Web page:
MOH’s regulatory framework would not apply to overseas providers as our legislation, such as the PHMCA and HCSA, generally does not have extra-territorial jurisdiction, even though some of their products may be accessible to local consumers through the internet. MOH has thus developed this guidance document and will enhance consumer education to improve consumers’ awareness and understanding of genetic testing, so that consumers are able to make informed decisions on the use of such tests.

However, if a local office or a local third party (acting as a middleman between the overseas provider and local consumers) is involved in the provision of CGT or LGT services in Singapore, the local office and/or local third party will be subject to the regulatory controls under the PHMCA, the Code of Practice on the Standards for the Provision of CGT and LGT Services and all other licensing terms and conditions, directives or guidelines which may be issued by MOH or other relevant agencies/bodies from time to time.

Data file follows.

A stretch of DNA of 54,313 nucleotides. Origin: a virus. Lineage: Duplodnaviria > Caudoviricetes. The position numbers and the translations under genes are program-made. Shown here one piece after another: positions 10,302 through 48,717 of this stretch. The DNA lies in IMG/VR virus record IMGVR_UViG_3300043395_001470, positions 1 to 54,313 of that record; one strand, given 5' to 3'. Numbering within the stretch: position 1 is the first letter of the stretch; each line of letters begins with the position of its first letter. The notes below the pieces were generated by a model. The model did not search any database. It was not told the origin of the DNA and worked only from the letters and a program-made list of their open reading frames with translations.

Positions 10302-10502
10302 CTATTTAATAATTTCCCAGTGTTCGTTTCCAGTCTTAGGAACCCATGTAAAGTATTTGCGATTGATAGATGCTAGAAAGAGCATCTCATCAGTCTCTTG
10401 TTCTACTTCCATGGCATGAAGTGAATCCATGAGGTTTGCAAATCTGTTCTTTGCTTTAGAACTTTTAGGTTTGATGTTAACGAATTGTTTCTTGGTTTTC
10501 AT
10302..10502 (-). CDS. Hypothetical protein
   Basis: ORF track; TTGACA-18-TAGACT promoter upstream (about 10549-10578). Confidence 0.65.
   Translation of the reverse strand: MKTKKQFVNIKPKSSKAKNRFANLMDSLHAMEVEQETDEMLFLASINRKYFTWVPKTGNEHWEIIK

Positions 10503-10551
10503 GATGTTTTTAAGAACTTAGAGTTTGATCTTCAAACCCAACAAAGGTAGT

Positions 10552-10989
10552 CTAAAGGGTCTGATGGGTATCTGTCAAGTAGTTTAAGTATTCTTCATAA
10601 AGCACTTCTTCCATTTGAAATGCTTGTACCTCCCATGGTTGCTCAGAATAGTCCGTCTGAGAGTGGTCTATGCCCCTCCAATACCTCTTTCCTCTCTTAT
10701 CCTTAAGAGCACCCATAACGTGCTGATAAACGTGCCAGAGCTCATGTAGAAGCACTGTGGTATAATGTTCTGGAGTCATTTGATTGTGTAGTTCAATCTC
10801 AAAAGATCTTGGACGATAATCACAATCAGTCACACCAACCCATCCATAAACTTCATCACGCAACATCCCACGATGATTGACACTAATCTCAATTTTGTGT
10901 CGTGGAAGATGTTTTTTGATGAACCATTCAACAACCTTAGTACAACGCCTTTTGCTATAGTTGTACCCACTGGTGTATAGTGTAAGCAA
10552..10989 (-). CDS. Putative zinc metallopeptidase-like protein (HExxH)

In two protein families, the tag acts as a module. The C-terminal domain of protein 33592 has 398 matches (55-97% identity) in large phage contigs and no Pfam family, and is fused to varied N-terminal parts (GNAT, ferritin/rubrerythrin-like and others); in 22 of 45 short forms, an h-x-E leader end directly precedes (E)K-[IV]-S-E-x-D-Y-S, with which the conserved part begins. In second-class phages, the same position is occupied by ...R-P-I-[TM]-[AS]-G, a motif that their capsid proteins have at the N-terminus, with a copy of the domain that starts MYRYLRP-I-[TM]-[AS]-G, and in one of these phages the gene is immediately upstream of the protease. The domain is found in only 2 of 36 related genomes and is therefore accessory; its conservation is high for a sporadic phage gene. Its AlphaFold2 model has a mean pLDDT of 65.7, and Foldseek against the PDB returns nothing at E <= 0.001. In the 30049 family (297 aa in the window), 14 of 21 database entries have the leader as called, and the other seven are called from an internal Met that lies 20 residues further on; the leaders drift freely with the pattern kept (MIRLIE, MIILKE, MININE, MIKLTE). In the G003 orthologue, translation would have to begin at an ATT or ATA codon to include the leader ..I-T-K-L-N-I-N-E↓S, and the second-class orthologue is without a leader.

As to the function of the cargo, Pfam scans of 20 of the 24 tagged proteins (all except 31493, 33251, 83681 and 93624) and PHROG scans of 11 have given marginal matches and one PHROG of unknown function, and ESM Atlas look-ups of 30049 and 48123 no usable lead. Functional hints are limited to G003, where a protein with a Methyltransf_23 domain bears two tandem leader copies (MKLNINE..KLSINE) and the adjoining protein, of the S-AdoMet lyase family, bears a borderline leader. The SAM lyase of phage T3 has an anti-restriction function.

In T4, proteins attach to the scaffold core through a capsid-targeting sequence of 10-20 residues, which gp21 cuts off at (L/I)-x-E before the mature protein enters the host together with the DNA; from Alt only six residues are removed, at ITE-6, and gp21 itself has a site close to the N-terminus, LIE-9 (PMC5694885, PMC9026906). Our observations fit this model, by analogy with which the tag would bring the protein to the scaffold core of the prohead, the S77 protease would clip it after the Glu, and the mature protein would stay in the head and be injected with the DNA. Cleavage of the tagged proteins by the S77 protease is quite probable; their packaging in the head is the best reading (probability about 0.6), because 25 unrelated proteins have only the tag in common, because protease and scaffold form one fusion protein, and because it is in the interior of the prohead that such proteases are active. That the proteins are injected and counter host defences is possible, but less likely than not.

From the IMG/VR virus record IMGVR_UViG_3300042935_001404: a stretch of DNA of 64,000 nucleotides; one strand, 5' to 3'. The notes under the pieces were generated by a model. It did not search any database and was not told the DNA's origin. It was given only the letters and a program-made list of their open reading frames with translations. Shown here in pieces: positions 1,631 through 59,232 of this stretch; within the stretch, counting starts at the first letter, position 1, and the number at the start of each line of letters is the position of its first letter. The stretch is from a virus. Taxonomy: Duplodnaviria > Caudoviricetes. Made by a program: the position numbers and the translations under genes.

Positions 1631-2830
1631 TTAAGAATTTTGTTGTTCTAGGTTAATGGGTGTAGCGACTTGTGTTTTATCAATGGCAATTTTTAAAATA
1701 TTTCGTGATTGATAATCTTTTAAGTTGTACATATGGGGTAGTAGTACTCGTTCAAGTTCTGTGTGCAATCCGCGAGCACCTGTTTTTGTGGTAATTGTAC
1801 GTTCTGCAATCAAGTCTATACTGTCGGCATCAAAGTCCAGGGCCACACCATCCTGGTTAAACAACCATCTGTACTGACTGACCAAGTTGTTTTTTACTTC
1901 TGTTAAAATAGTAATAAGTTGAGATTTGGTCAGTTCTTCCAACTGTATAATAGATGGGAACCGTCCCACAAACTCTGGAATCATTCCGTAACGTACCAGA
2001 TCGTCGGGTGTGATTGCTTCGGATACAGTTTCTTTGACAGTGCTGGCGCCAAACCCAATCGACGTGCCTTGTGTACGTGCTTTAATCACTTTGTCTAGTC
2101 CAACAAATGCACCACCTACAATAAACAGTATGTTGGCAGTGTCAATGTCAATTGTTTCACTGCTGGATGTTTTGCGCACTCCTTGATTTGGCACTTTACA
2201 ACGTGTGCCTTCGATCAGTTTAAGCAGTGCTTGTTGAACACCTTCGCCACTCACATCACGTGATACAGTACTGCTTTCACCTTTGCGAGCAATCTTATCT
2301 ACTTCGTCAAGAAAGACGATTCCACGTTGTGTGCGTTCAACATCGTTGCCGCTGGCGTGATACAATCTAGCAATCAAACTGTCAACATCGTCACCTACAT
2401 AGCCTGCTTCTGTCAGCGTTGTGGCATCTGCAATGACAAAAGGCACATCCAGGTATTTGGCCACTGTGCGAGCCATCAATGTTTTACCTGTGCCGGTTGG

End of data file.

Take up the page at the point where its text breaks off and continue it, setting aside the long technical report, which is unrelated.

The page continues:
Q7: Why did MOH adopt the list of prohibited diseases, conditions and disorders from the Health Sciences Authority’s (HSA) Health Supplements Guidelines (2019)?

MOH’s risk-based regulatory approach to genetic testing is similar to HSA’s regulatory approach for health products. Providers offering CGT or LGT services are required to be licensed under the PHMCA or in future HCSA. Non-clinical genetic testing which is not used to screen or evaluate any medical conditions/disorders will not be regulated by MOH. This is similar to health supplements which are marketed and used for general wellness and non-therapeutic purposes but are not currently regulated by HSA. Conversely, any health products which purport to treat medical conditions or diseases would be considered as therapeutic products and fall within HSA’s regulatory scope.